Historian Kendrick Oliver noted that there was a pervasive sense of a Christian mission throughout the ranks of the NASA employees working on Apollo. In his book To Touch the Face of God: The Sacred, the Profane, and the American Space Program, Oliver writes that a handful of the astronauts reported a connection to spirituality and divinity while in space and on the moon. Apollo 15 astronaut James Irwin said he felt God all around him on the trip. Irwin wandered to the top of a moon hill and quoted Psalm 121, “I will lift up my eyes unto the hills, from whence cometh my strength.”

Irwin was spiritually impacted by travelling to the moon. One year after his journey, he left NASA to form the religious organization High Flight Foundation in Colorado Springs, Colorado. “I felt the power of God as I’d never felt it before. He would later say that “Jesus walking on earth is more important than man walking on the moon.”

Before his death in 1991, Irwin had led several expeditions to Turkey in search of evidence for Noah’s Ark on Mount Ararat.

Other moonwalkers have had similar experiences. Gene Cernan, who made the last moon landing in 1972, became a believer when he traveled to outer space. In the documentary “In the Shadow of the Moon,” he commented, “I felt that the world was just too beautiful to have happened by accident. There has to be something bigger than you and bigger than me.”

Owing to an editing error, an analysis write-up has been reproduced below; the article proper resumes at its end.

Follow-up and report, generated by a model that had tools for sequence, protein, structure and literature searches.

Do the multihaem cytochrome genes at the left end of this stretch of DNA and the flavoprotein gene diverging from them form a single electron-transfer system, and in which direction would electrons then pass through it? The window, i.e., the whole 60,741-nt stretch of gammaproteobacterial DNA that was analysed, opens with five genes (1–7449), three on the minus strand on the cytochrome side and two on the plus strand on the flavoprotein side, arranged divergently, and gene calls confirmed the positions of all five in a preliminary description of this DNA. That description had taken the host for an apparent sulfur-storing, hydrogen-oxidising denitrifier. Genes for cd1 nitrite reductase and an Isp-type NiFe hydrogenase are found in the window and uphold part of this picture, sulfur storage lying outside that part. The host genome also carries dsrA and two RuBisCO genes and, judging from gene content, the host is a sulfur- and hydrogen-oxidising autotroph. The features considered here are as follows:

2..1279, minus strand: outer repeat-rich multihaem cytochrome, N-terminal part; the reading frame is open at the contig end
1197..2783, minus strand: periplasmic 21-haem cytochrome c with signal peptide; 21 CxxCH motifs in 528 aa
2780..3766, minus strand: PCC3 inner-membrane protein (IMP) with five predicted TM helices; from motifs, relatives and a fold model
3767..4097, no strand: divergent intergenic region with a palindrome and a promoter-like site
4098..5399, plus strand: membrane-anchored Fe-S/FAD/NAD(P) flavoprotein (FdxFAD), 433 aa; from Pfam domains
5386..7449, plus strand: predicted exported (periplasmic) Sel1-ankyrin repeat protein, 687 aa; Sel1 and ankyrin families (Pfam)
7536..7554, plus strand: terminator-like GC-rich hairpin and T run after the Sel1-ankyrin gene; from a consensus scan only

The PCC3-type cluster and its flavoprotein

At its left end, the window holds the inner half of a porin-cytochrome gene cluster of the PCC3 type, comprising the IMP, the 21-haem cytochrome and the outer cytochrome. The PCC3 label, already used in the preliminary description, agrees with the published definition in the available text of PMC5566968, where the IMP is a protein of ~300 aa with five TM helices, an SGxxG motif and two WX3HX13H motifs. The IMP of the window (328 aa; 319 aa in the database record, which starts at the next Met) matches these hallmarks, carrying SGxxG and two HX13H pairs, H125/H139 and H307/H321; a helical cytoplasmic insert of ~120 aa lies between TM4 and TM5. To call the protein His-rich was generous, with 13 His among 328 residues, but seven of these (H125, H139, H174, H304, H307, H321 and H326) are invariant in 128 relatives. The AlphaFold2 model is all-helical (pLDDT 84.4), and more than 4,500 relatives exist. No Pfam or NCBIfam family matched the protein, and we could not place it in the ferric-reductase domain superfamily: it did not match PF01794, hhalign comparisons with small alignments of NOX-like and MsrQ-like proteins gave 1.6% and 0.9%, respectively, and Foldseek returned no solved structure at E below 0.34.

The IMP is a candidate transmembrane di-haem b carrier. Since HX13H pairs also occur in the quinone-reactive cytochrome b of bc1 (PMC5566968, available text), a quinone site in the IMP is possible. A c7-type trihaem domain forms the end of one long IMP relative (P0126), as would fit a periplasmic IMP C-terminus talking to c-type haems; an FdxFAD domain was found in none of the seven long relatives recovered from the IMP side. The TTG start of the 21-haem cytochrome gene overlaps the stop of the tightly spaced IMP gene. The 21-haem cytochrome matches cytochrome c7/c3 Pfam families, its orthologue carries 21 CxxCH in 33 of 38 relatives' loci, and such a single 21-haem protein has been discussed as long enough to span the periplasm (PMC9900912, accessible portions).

Charles Duke, the youngest man to walk the moon, had a deep, spiritual transformation after flying on Apollo 16 in 1972. He left NASA to enter private business in 1975 and formed the Duke Ministry for Christ to serve as an ordained minister.

Alan Bean, the Apollo 12 moonwalker who later became a full-time painter, said the mission to the moon gave the astronauts the courage and vision to live life to the fullest. “I remember thinking in lunar orbit, that if I got back from this, I was going to live my life differently,” he commented in an interview.

From the Catbird Seat, here’s to the courage and convictions that 24 men had toward the importance of walking on the moon. Let’s hope it doesn’t take require us to be 238,900 miles away from home to have our own leap of faith.

— Tom May is a freelance writer. Reach him at